The lawyers at Aaron Waxman & Associates are experienced with Disability, Personal Injury and Employment claims.
At Aaron Waxman and Associates, we handle serious personal injury claims. We handle and have handled many catastrophic car accident claims. We have dedicated past blog posts to the subject of proposed changes to the definition of catastrophic impairment and to the Kusnierz case, which is being heard on November 16, 2011.
Recently, a case was heard at FSCO called Mr. C. v. Coachman Insurance Company where the insured party, Mr. C. sought catastrophic impairment determination. Coachman Insurance Company denied the determination.
Mr. C. , prior to his accident, was employed as a labourer, with a good track record and overall a good life. After the accident, he was diagnosed with Major Depressive Disorder (severe), Pain Disorder Associated with Both Psychological Factors and General Medical Condition (herniated discs) and Specific Phobia (driving, passenger anxiety). His condition continued to deteriorate and he became suicidal and expressed suicidal and even homicidal wishes towards his family. He was hospitalized for his psychological problems, and shortly thereafter, overdosed on his pain medication.
Assessments had been obtained on the behalf of Mr. C. supporting a CAT designation on the basis of marked impairment. Coachman Insurance Co. did not call any witnesses to defend its case and Arbitrator J. Miller found that in the insurer assessments, the assessors failed to comment on/consider important assessments and appeared to be biased towards the insurer. The written submissions on behalf of the insurer did not present an objective picture of evidence. Further, during the proceedings, the insurer’s counsel was aggressive with its cross-examination of Mr. C.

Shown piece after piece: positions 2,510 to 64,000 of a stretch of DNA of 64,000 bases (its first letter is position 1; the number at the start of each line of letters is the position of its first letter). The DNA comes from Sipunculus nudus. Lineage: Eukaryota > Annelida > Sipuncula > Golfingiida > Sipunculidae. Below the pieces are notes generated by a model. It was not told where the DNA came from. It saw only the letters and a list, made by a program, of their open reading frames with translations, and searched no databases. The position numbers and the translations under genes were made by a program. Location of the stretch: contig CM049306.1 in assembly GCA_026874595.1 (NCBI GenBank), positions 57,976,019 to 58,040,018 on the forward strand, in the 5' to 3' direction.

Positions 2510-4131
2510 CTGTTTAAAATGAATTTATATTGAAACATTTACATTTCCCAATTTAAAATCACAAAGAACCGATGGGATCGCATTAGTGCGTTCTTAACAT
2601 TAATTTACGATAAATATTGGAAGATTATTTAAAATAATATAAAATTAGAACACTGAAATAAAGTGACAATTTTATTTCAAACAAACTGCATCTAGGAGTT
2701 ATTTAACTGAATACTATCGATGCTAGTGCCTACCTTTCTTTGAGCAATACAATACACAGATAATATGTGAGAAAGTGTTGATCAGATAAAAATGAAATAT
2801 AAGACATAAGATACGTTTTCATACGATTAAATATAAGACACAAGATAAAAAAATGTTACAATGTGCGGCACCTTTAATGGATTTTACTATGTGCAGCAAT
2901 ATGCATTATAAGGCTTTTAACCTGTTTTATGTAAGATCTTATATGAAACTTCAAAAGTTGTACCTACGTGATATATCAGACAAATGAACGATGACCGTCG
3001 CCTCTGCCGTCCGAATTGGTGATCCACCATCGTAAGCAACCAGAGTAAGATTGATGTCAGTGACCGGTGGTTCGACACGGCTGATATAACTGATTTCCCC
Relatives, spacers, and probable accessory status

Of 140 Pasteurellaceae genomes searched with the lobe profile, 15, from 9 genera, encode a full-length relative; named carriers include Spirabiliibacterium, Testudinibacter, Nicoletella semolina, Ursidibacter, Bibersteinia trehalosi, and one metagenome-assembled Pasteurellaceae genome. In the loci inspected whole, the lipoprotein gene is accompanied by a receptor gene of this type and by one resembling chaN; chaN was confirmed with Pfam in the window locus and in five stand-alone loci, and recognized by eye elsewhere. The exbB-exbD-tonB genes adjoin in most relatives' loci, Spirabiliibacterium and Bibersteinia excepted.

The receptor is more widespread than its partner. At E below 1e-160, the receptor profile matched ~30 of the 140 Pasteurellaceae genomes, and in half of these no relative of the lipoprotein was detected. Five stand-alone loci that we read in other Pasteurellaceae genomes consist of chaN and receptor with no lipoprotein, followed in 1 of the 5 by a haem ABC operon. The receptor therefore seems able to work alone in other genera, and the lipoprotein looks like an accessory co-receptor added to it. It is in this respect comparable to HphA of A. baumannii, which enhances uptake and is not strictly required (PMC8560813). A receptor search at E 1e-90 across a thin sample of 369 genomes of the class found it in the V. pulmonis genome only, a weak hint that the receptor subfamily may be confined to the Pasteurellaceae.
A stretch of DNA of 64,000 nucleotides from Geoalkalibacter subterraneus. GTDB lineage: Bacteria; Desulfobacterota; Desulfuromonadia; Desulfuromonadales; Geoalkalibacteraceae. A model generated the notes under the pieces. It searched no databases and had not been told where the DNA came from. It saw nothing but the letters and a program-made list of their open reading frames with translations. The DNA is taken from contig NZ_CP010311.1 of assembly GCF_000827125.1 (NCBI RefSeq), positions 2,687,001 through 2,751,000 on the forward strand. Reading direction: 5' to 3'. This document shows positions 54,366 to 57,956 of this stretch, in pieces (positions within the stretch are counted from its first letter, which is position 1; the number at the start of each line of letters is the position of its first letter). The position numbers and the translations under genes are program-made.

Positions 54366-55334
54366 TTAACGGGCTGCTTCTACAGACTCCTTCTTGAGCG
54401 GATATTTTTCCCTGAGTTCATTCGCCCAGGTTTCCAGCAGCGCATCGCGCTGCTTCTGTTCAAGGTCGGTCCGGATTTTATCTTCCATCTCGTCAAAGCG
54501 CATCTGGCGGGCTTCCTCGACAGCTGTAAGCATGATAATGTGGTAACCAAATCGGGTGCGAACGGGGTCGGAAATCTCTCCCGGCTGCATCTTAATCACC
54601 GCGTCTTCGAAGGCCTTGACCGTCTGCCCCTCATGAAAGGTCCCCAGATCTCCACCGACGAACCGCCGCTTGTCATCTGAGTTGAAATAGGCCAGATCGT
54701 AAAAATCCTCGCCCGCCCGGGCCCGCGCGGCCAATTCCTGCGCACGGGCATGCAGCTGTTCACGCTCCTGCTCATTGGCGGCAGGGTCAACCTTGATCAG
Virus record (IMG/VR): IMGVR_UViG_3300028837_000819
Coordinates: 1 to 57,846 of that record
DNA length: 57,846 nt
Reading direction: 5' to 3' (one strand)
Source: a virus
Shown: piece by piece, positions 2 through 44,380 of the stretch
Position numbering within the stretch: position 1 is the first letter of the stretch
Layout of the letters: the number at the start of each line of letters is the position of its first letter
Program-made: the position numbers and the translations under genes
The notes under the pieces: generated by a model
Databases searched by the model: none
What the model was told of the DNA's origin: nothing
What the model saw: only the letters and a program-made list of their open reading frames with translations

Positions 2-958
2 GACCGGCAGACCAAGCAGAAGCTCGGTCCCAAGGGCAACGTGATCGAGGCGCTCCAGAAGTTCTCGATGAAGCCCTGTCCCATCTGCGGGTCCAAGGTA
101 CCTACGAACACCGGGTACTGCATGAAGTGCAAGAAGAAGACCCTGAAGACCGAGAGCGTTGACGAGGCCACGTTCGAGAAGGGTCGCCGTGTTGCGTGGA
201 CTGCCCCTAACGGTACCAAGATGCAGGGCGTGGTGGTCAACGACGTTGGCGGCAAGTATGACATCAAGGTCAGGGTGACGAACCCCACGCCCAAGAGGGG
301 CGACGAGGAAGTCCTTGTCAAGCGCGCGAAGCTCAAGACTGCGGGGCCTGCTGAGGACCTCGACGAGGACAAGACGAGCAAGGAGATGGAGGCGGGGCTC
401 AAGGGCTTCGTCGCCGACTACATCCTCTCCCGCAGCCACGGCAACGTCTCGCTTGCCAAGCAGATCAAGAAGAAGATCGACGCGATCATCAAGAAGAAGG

“Mr. C. underwent a very aggressive and at times inappropriate cross-examination. Inappropriate in that, counsel for Coachman screamed some of his questions at Mr. C. with the clear intention, in my view of intimidating Mr. C. As well, counsel glared intensely while firing off questions at a very rapid pace. In addition, counsel unnecessarily and redundantly repeated questions that already had been answered. Objections to counsel’s behaviour were consistently ignored.”
Arbitrator Miller found that Coachman Insurance Co. did not have a defense of any substance in this case and he accepted the evidence of Mr. C. and found that he suffered a catastrophic impairment pursuant to 2 (1.2) (g) of the Statutory Accident Benefits Schedule (SABS). Clause 2(1.2)(g) provides that a catastrophic impairment includes an impairment that, in accordance with the American Medical Association, Guides to the Evaluation of Permanent Impairment, Fourth Edition, results in a class 4 (marked impairment) or class 5 (extreme impairment) due to mental or behavioural disorder.
Coachman Insurance Company and its counsel were not allowed to use bullying or intimidation as means of defending the claim. Bullying cannot be tolerated, nor should not be tolerated at FSCO.
The decision was released on October 21, 2011.
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